Long before he became a household name, Alex Jones warned us about the threat posed by government surveillance. Comparing it to the Eye of Sauron, Jones knew that universal, 24-7 surveillance would allow those in control to predict (and alter) the future actions of citizens, thereby giving politicians and corporations the power to know all things.
Privacy certainly isn’t dead. In the eyes of corporate psychopaths privacy might be dead, but not everyone is shallow enough to lose their privacy just to save money when other options exist. Marketing companies know how to track you across multiple devices using various methods. If the ordinary citizen knew the extent of these methods and how easy it is to defeat these methods, perhaps it’d be enough to cause a shift in habit.
As it stands, Big-Tech thinks that users will stay put and accept “free” services at the cost of having their data harvested. Google offers a YouTube subscription to stop ads, but even as you pay them, they’re tracking you so they can target you with ads as soon as your subscription expires. Imagine how dumb you’d be to pay money to Google while simultaneously they also make money from tracking you!
They don’t think that you and I are interested in paying for privacy, but what if you could get privacy for $6.99 a month? A VPN can hide your IP address and separate your online political life from your personal stuff. It can also stop censorship and malicious tricks when you access a public wireless network.
In 2017 privacy regulations were dropped for American ISPs. If you’re in the United States then your ISP is allowed to sell your browsing history, and use it themselves to target you with ads. So when you get an offer or deal from your ISP it could be based upon your browsing history. ISPs are supposed to be neutral, but now they are the same as everything else.
By using an encrypted VPN you can hide your browsing history from your ISP. When looking at different VPN services you should consider what operating systems and mobile devices are supported, how many phones or computers you can use with your subscription, and the number of servers and their locations.
Some VPN providers may have a data limit so read recommendations first and don’t go diving into a 12 month subscription no matter the discounted offer. Above all else, look for a VPN provider that has little or no interest in your data. Find out who owns and manages the company and whether you trust them or not. Two things that don’t need to be routed via VPN could be your online banking service and top-ups for your phone.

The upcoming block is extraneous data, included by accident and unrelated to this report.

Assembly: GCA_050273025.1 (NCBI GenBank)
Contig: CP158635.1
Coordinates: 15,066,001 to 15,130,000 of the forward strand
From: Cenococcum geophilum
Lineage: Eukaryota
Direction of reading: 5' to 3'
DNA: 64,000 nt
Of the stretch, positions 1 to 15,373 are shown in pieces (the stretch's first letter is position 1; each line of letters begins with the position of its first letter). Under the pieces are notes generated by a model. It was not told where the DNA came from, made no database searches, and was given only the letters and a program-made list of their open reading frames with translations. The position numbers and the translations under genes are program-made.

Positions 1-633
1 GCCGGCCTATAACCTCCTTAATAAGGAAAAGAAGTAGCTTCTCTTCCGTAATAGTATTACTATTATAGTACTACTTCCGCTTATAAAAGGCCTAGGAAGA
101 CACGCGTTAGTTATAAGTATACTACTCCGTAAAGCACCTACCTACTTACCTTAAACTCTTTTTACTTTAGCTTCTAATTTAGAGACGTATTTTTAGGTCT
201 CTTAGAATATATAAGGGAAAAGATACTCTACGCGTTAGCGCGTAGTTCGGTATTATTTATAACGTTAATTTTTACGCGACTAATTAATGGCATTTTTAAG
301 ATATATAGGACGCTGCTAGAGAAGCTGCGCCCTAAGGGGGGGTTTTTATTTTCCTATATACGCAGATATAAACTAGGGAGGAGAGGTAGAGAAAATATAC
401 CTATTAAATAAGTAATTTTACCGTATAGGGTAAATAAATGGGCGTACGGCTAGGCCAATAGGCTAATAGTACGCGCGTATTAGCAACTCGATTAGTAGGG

Your bank and ISP already have your personal details, so access these websites the usual way. For all political websites and news consumption – put this through a VPN connection and use several different identities should you feel the need. With a VPN subscription you can separate your personal life from your politics.
Your phone, bank and government accounts are used under one identity, while your campaigning and personal thoughts go under a separate identity, one which doesn’t link to your real name, your phone number, address or the city you live in. You should use a VPN for anything even remotely political online, just as you’d use a cheap dumbphone to communicate with people you don’t know or trust when organizing an offline group.
Profit-driven tech companies and political organizations are working to find links between data because they can exploit this during an election campaign. Also, does your ISP need to know which schools or colleges are attended by members of your household? Deny them access to your personal thoughts and future plans.
Consider military and intelligence scenarios. When a ship or transport plane leaves Russian territory and travels to Syria, radars and satellites can see the ships and planes, but not the cargo as it goes onboard. Bunkers, hangers, warehouses and camouflage netting offer protection from several threats. For the gamers among you, if you played Red Alert and Tiberian Sun you’d recall how annoying the Gap Generator and Stealth Generator was, respectively.
Sometimes, depending on who you are and what you believe, your political life is not supposed to be public or linked to the real you. All of your online activity should be secret and anonymous. Your browsing history represents your current thoughts, that includes thoughts on topics that you haven’t yet decided on.
Companies and political campaigns want to know whether you’re a possible Tulsi Gabbard supporter, that way they can craft an ordinary democrat to mimic Gabbard’s talking points and dilute her support, by propping up a totally fake candidate who otherwise wouldn’t have anything special about them.
Media and tech companies will use our thoughts and then hijack our ideas for someone else’s benefit, before we’ve made up our minds, or they may create pointless divisions between groups.
By creating a division they can stall a particular candidate’s progress and fill our minds with doubt, and then redirect our energy onto the next stupid, fake or contrived talking point that the corporations have decided for us. The United States, European nations, Russia and China consider the internet to be a battle space.
We are in that battle space every day even as ordinary (non-military, non-intelligence) citizens. The actions of media and tech companies are frequently adversarial, constitute election interference, and as such these companies are enemy weapon systems. Fight back against them by getting a VPN and reclaiming your privacy.
Guest post by: Jeff Mitchell
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